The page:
A TripAdvisor contributor, teschbacher of New Jersey in the United States, wrote the following on July 12, 2012: “As a long-time reader of TripAdvisor, it was our climb with Riaan that catalysed me to finally becoming a contributor. Despite teasing him about the need to have some non-five-star reviews, no guide or excursion has been more deserving of such acclaim.”

Be Mountain Safe - Mountain Safety Tips

• Do not plan on hiking during or after bad weather as the rocks on the mountain get very slippery in wet weather and this is dangerous
• Watch the weather while hiking - don't push on in bad weather. Find shelter from the wind and rain
• Do not hike alone – the ideal party size is four; travel at the pace of the slowest member
• Always inform someone at your hotel or in your family of your intended route and your expected time of return
• The use of a qualified mountain guide is highly recommended should one wish to explore Table Mountain on foot. Find one of our qualified guides here.
• Alternatively, make sure to take an up to date contour map, comfortable walking shoes, a few friends, a cellular phone, sun block, and something warm as the weather on the mountain can change very rapidly
• On Table Mountain National Park, Skeleton Gorge & Nursery Ravine are dangerous and slippery routes when it rains.  These are both routes for water to flow off the mountain
• When hiking Table Mountain, key 021 480 7700 into your cellular telephone before you begin your hike so that an emergency number is always on hand
• Keep to well used paths and do not descend unknown ravines or cliffs
• If you feel you have lost your way, do not forge ahead but rather return along the path you came
• Carry adequate water (especially in summer) and food to replace energy
• Chacma Baboons can be dangerous - do not approach them or feed them as they may attack humans. Do not eat in front of them. Do not let them sit on your car near an open window as they will attempt to enter your car and never feed them
• Stand very still on the sighting of a snake - they will usually go on their way and are not generally aggressive
• Be sure to leave the mountain before dark
• Please be mindful that Cape Town’s festive season coincides with the Cape’s long, dry summer season i.e. please make sure that cigarette butts and/ or fires are put out properly before leaving the area, and please exercise caution when taking an action that could result in the ignition of a fire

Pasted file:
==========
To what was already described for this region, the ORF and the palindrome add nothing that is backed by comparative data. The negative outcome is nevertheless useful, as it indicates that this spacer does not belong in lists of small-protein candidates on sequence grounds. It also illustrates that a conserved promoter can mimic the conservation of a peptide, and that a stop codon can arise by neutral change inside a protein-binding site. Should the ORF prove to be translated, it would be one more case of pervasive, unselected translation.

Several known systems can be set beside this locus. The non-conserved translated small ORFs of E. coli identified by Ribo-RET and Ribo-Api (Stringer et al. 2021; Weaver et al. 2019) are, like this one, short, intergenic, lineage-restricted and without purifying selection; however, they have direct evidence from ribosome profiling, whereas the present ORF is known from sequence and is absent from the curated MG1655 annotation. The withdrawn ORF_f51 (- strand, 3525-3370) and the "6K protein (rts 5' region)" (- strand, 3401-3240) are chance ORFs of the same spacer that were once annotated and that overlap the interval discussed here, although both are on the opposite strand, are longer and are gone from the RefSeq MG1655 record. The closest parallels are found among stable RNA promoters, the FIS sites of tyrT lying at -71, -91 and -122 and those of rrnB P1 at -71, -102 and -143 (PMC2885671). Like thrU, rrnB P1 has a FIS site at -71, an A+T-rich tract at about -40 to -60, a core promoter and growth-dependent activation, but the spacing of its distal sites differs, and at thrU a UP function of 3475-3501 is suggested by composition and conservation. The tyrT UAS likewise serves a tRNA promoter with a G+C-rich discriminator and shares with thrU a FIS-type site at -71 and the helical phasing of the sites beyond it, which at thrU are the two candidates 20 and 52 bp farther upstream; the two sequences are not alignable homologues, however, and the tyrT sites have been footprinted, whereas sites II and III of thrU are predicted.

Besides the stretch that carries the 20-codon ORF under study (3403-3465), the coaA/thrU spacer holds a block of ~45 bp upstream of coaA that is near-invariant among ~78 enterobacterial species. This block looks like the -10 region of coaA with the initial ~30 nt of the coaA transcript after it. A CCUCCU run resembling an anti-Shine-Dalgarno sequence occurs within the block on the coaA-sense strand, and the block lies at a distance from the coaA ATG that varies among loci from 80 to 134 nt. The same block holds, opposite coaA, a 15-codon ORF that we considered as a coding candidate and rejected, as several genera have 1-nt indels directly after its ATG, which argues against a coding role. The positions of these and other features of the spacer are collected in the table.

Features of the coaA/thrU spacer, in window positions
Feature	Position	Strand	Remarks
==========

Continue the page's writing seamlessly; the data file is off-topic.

Dine-with-a-Local

Dine-with-a-Local is an exciting alternative to eating out in regular Cape Town restaurants and is not only passionate about local cuisine. Our passion also carries through to the visitors received in the culturally diverse South Africa.

High-Five

Kite surfing is exploding in popularity all over the world and with its combo of consistent winds and perfect spots Cape Town, which is known as Mecca to Kitesurfers, is THE place to find out what the craze is all about.

With lessons running daily from our international team of experienced and qualified instructors we will have you up and riding safely in no time at all, people of all ages can learn!

Cape Town Watersports

Feel Like a Local… Not a Tourist

Cape Town has become one of the world’s top watersports destinations. People come for windsurfing, kiteboarding, surfing and stand up paddle boarding and because it’s a great place to bring the family.

NAC Makana

Cape Town Helicopter Flights & Tours

Wavejet Rental SA

WaveJet’s are battery powered boards with jet propulsion allowing you to cruise around in the water at a touch of a button. Surfing on a WaveJet is easier because of the stability and forward motion of the board. It also allows you to catch so many more waves by not having to paddle out. Just push a button on your bluetooth wrist controller and let the WaveJet do the work for you. All you need to do is just enjoy riding waves.